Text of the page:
Tips for Learner Drivers – Finding your optimal driving position

UP STRAIGHT: Your backside should be placed towards the back of the seat for support of your lower spine.

UP STRAIGHT: Your backside should be placed towards the back of the seat for support of your lower spine.

The following tips are just some of the insights that you learn from a professional driving instructor such as those from NRMA Driver Training.

Ensuring your car is set up correctly for every journey not only provides optimal comfort, it also helps to ensure your journey is a safe one. Here NRMA Driver Training will take you through a few simple tips from your feet to your head to help you ensure you are set up in your car correctly.

Feet

  • Your right heel should be placed on the floor between the accelerator and the brake. Your foot should able to swivel between the accelerator and brake without lifting off the floor.
  • Your left heel should rest on the footrest provided in most vehicles on the left side wall of the foot well. It should be placed here at all times for an automatic vehicle and when not in use for the clutch in a manual vehicle.

Legs and back

  • There should be a slight bend in your knees which not only aids in comfort but  also acts as a brace in case of a crash and allows for better absorption of road bumps while driving. Straight legs do not provide the required dexterity required to operate the foot controls correctly.
  • Your backside should be placed towards the back of the seat for support of your lower spine and posture.
  • Move the car seat forward or back to ensure you are not too far away from the foot controls and the steering wheel. You can also move the car seat up and down in most modern vehicles.

Steering wheel

  • Most modern vehicles have numerous adjustments for the steering wheel which is paramount for safe deployment of the airbags. Steering wheels commonly can be adjusted up down and also in and out in telescopic manner.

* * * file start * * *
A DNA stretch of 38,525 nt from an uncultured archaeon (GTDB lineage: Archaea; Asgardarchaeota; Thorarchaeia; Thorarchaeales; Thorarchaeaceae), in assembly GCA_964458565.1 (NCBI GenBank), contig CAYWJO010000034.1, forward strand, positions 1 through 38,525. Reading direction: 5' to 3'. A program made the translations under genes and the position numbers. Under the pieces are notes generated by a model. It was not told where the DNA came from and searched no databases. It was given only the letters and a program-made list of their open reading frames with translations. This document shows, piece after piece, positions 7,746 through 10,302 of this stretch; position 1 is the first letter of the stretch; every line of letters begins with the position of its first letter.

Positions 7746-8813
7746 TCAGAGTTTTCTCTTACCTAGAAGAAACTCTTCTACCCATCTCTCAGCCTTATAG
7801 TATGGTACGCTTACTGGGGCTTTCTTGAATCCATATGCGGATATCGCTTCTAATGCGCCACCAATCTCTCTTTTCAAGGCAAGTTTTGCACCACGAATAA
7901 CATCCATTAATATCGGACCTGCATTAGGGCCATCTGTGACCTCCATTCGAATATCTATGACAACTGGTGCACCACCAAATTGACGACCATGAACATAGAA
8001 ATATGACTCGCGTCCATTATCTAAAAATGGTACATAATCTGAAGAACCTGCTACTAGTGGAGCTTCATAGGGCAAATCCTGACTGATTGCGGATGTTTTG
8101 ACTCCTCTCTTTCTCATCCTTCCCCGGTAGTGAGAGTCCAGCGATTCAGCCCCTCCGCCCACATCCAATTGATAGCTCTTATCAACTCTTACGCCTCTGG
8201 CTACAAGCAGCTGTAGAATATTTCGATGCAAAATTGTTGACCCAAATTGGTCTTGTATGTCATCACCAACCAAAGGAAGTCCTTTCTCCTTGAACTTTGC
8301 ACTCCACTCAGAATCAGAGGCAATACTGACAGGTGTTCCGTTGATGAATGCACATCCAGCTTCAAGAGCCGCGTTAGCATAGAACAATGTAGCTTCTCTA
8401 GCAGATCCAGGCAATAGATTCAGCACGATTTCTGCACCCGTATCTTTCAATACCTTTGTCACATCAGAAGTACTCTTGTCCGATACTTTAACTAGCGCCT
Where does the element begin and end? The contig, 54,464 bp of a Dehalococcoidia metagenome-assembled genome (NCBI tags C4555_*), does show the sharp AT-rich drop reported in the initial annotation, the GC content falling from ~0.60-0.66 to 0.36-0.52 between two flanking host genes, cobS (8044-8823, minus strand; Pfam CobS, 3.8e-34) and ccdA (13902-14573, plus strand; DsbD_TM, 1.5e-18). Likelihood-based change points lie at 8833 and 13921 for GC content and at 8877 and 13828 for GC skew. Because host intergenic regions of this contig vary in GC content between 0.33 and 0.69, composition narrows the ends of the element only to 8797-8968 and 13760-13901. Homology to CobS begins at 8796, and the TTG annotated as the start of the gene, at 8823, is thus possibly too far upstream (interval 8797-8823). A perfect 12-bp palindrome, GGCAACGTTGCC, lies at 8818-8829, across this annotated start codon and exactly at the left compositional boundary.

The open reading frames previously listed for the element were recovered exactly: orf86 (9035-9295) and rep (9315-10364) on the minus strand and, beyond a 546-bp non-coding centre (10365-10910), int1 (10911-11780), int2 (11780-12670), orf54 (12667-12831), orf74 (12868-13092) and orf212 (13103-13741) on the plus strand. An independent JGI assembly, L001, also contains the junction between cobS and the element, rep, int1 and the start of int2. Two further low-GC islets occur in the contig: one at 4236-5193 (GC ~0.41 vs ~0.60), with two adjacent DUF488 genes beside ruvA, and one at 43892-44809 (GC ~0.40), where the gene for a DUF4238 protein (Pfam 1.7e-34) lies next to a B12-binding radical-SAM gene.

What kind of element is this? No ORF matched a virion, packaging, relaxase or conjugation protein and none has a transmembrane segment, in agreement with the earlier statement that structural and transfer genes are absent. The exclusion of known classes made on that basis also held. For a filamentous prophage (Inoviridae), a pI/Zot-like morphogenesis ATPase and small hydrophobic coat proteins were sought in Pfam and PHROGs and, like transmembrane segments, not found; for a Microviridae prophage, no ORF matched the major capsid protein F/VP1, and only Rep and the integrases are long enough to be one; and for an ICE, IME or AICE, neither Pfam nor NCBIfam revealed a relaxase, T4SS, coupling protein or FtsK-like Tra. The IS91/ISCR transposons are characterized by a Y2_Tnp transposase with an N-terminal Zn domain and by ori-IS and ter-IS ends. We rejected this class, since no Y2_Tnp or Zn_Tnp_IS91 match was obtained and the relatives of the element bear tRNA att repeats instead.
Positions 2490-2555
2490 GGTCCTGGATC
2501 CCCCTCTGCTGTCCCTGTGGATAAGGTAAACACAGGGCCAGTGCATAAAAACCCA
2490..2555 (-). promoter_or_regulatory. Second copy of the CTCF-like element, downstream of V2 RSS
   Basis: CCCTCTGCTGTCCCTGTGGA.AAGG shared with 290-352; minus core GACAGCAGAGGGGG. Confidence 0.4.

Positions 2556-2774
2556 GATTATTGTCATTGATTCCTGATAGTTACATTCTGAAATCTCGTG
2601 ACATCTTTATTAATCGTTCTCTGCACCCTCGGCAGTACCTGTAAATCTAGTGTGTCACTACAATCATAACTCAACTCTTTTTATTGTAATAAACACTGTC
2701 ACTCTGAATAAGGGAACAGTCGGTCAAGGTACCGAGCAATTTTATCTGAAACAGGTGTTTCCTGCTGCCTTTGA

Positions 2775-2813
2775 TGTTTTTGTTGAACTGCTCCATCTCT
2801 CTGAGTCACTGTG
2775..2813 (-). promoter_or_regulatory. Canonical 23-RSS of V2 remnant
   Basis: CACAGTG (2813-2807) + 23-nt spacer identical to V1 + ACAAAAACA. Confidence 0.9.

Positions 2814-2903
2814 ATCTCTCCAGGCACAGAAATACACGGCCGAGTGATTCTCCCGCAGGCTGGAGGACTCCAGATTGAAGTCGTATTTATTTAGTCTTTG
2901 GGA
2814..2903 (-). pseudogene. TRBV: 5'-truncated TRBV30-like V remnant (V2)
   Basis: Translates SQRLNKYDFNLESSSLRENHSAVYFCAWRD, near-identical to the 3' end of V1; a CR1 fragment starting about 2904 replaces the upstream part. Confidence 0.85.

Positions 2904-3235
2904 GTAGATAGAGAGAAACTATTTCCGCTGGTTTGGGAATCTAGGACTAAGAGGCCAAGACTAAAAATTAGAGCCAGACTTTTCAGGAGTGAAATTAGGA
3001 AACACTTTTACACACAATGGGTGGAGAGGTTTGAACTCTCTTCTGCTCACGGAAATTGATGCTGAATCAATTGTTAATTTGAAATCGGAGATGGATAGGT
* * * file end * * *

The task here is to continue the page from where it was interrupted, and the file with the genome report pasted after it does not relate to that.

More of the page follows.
• The steering wheel should be lowered as much as possible without blocking your view of instrument information such as speedometer. Ideally it should sit facing towards your chest (not face) with approximately an A4 page distance between you and the middle of steering wheel. Any closer than A4 page length could result in an increased risk of injury in the event of an airbag deployment in a crash.
  • After making the adjustments mentioned above, place both wrists on top of the steering wheel.  Your arms should be completely straight. This allows you to have a slight bend in your arms when returning your hands to the normal holding of the steering wheel position.  This again helps aid with the correct amount of dexterity for steering and use of auxiliary controls.

 Seat Belt

  • Seat-belt_22.07Low, Flat, Firm: There should be no twists or knots in the belt. Seat belts are designed to be fitted across the strong points of the skeleton. Low, flat and firm across the hips and shoulder.
  • The seat belt height can be adjusted in most vehicles via a mechanism which slides up and down the inside right pillar of the car. A rule of thumb is for the seat belt adjuster to sit approximately even with your right ear.

Head Support

  • Designed to support your head in a sudden impact, and reduce neck injury and whip lash.
  • The middle of the headrest should sit around the rounded position of your skull where it meets your spinal column.

Now that you are all set up correctly, you can ensure you have a safe and comfortable drive, every drive.

Check out NRMA Driver Training for more advice and to book a lesson.

Do you check your optimal position regularly? Was this something you were taught when learning to drive?

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